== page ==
The David Robert’s Art Foundation opens its new doors at Mornington Crescent with House of Leaves. Aesthetica takes a moment to review the opening exhibition.
The small entry space of the David Roberts Art Foundation contains the obligatory gallery desk, complete with smiling interns. Backs to the wall, the interns face out toward the linear expanse of white galleries that make up the foundation’s new property.
Central in the small room is a levitating metallic form; a narrow, draped fabric that seems, somehow, to have solidified. It has a spectral tint, produced by a thin layer of white emulsion coating a bronze cast. The work is Louise Bourgeois’ Echo VIII (2007), and on closer inspection appears to be a sweater hung and stretched from sleeve to sleeve. Redolent of something familiar, its form remains defiantly evasive of category. This is the piece around which the exhibition is built.
On the wall to the left of the sculpture is a text by Bethan Huws (And I Sleep, 2002). The words speak of a dormant but stifling destructive urge confined within sleep. The letters are spaced out on a prefab message board. White letters in black slots, locked behind glass. Reminiscent of a church service board or trendy coffee shop menu, Huws supplies a message of something beneath the unassuming surface, but there is always the sense that the letters could be changed by tomorrow.
Also in the room is a small painting by Miriam Cahn (Überlebende 1998). The pinky edges of the canvas ruffle out against the wall. The image is of a woman, her eye piercing blue and pupil-less, her cheek, grey-green, her chest a startling bright pink, and her lips flecked with red. Side-on to the canvas, and painted in soft focus, her edges become indistinct from the grey backdrop. The three works in the room present a vision of the familiar, each bearing a formative distortion.
Matthew Day Jackson’s painstaking model of post-apocalyptic London (August 6, 1945, 2012), buildings burnt tit-bits of wood, and the Thames, a swathe of smoky lead snaking between, hangs on the wall looking out across Phyllida Barlow’s Untitled: Disaster 5 (2010). On the floor, a pink, red, and mouldy green, squashed spherical accumulation of junk materials. Whilst these two works speak of deterioration of the everyday in an adverse sense, John Latham’s Gone Fishing (1959), an accumulation of books, springs, and wires, floating upon a rumpled silvery canvas, becomes a jibe. Far from ominous, his dishevelled objects appear to be fished from the bottom of a river.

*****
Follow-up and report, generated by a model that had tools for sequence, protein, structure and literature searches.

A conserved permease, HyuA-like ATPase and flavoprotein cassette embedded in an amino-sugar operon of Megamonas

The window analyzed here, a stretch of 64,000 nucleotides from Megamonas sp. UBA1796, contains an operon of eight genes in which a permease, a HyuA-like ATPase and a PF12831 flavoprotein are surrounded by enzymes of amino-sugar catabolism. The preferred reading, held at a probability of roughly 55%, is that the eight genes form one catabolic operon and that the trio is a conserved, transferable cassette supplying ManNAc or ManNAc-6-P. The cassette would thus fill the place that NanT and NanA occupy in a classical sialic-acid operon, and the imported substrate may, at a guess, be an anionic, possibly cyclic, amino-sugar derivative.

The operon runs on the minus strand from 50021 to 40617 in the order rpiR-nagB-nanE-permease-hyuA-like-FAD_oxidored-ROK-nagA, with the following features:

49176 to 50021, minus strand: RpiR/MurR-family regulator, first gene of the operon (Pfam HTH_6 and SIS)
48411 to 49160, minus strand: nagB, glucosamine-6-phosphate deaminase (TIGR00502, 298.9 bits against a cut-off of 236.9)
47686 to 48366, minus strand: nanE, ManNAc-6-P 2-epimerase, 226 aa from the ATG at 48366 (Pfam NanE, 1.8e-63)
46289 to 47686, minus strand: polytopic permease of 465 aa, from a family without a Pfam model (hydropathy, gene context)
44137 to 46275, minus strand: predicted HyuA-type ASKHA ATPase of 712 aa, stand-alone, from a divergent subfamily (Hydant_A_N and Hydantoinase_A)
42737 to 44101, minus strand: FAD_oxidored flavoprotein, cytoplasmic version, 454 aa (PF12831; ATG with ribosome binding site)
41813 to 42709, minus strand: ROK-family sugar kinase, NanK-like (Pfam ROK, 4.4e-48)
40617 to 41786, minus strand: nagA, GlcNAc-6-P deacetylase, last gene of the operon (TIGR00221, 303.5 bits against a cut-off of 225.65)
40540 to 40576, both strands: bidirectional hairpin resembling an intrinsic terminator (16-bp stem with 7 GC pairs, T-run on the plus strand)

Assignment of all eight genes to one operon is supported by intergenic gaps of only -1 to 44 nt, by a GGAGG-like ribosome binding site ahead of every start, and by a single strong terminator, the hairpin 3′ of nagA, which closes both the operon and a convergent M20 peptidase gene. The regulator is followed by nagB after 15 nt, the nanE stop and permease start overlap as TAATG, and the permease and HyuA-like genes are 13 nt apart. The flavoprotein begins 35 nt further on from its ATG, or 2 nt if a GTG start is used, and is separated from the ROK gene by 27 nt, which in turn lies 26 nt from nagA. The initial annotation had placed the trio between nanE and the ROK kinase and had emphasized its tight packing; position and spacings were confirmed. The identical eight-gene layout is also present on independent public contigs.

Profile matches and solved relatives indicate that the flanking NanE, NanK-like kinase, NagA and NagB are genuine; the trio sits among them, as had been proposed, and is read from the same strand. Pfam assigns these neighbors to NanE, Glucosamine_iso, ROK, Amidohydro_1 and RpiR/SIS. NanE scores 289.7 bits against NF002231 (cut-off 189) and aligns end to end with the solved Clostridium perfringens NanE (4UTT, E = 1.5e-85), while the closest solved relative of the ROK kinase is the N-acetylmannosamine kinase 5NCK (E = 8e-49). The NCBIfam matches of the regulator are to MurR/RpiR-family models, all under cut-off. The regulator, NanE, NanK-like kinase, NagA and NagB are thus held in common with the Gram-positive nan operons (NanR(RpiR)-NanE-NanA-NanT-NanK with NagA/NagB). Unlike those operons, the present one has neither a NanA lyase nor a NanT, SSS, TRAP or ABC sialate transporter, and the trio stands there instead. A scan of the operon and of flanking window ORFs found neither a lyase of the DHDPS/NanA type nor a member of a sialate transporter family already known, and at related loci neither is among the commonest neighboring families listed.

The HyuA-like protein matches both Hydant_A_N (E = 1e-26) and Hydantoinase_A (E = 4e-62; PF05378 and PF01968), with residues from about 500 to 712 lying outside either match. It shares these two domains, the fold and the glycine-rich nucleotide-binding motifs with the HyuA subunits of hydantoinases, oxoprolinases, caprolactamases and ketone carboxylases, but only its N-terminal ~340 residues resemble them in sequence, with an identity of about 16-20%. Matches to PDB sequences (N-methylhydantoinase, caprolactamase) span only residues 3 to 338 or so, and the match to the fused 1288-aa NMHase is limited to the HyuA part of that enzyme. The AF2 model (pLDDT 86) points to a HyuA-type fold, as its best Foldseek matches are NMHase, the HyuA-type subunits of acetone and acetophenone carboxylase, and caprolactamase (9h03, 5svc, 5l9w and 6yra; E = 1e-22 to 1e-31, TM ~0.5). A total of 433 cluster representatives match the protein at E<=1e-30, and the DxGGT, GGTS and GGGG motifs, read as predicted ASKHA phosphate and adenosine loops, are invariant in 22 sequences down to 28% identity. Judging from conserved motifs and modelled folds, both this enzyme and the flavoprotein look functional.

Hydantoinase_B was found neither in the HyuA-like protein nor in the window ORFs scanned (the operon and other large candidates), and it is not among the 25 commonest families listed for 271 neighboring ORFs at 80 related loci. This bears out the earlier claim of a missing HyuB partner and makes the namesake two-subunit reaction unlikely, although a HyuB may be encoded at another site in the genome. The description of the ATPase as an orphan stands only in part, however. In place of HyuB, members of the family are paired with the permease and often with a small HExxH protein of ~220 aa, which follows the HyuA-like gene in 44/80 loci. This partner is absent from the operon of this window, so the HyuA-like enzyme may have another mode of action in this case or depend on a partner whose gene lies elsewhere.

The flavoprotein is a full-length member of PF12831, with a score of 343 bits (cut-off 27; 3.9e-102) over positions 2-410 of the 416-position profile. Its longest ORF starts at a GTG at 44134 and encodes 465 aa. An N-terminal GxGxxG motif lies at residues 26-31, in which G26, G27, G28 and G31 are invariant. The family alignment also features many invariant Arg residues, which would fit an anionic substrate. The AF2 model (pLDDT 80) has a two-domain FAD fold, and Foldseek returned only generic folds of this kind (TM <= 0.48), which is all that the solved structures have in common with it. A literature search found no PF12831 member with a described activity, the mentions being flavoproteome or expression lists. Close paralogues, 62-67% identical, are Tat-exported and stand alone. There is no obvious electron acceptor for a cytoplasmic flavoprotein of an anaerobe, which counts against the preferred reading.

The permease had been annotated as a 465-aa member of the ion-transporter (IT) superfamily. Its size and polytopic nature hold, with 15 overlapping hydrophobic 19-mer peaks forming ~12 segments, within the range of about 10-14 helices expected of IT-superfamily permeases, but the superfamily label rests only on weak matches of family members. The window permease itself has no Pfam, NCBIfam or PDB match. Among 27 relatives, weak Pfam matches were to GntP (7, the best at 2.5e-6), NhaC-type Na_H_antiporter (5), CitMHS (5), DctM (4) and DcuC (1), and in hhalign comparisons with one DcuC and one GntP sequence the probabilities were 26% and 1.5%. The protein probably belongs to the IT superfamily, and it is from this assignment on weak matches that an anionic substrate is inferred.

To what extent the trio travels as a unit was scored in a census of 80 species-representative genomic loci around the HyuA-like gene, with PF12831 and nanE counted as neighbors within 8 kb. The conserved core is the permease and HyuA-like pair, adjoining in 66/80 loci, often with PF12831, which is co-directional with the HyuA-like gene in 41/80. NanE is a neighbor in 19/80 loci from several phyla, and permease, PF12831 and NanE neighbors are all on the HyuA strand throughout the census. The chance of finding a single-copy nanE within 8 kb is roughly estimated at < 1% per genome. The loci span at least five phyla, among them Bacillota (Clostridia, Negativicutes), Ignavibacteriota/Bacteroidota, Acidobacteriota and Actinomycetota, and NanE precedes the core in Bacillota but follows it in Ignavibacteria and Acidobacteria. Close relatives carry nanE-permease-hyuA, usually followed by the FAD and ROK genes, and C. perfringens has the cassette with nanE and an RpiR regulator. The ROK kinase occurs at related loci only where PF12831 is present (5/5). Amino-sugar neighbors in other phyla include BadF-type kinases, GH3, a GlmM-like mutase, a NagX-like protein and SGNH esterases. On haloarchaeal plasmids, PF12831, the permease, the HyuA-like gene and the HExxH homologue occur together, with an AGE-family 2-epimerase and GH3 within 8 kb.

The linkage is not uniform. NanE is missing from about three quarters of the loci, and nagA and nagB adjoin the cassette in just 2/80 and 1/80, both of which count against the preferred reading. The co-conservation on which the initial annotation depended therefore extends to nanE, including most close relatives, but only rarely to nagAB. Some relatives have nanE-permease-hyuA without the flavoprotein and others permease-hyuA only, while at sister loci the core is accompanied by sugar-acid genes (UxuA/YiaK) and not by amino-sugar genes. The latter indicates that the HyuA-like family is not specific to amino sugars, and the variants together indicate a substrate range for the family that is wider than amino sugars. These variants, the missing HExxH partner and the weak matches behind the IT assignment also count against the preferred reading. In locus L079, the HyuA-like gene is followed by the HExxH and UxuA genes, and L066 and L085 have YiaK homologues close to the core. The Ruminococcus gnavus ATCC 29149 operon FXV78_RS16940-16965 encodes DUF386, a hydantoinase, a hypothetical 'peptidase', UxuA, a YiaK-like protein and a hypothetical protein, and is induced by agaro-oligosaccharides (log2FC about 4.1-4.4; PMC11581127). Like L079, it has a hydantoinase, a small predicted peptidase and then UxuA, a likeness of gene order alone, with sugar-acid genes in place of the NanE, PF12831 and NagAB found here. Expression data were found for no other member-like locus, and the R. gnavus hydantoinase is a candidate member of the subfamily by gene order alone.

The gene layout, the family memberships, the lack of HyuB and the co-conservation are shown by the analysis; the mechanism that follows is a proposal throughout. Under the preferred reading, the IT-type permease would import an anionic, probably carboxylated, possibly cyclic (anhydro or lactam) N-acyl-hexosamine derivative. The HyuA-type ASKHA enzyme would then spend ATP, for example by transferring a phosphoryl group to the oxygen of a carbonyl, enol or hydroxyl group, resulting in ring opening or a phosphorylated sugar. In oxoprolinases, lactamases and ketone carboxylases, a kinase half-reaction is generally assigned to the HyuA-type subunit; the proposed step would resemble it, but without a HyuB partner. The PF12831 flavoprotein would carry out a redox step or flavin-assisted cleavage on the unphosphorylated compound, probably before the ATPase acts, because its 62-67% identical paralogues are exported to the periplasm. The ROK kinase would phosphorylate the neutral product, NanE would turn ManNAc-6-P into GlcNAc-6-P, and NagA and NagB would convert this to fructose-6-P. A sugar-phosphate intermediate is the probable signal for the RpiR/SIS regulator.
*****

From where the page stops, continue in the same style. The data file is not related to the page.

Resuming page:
Ida Applebroog’s Trinity Towers (1982) is a pair of large-scale, red ink, line drawings, depicting on the left, two young nude males seated on a bed, and on the right, a similar male hung by his neck. The positioning of the images causes query over whether the diptych represents space or time in its two frames. Are the two boys on the left calmly watching this boy hang, or is this one of them later on? The red of the ink bleeds across the vellum surface, and the sense is that of the spectator being thrust through the image’s low-hanging blinds to see something private yet unnervingly familiar.
Man Ray’s Le Gant Perdu (1967-1968), a leather glove, double framed and outlined with string on a cheap wood backboard, seems to recapitulate and correlate all of the myths of the surrealists in one gesture. The glove, in the doorway, beckons the spectator into the farthest room of the exhibition. Here, there is another work of Phyllida Barlow’s, a great tangle of oversized cables made from electrical tape and hung from a large steel bracket (Rig: Untitled: Coils, 2011). The oranges and yellows of Barlow’s cables are echoed by Wilhelm Sasnal’s Untitled (Humintäre Hilfe) (2011). The humanitarian aid truck of the title provides the painting’s only foreground. Though the ostensible motion of the truck causes the words on its trailer to blur, the meticulously outlined, unspoiled white side of the vehicle is resoundingly stationary. The sky behind is a cracked and dripped pale blue with swathes of dirty orange pulled horizontally across it. The road is a wash of grey.
The works here all speak of a feeling of redolence. An implication of familiarity, but warped. In the case of Bourgeois’ work, the immediate distortion is a material transformation, not dissimilar to that induced by Wilhelm Sasnal. In the course of his translation of photograph into paint, he retains an implicit photographic quality within the overtly painterly image. However, a more absolute break with familiarity is presented in the form of time. Day Jackson’s burnt-out image of London seems a resigned vision of impermanence, and Bourgeois’ work looks, unexpectedly, to be a body collapsed. The hung form of the sweater, a flaccid reminder of a terminal transience.
House of Leaves, 21 September until 10 November, David Roberts Art Foundation, Symes Mews, London, NW1 7JE
1. Bruce McLean, Pose Work for Plinths, 1971, Courtesy the artist and David Roberts Collection, London.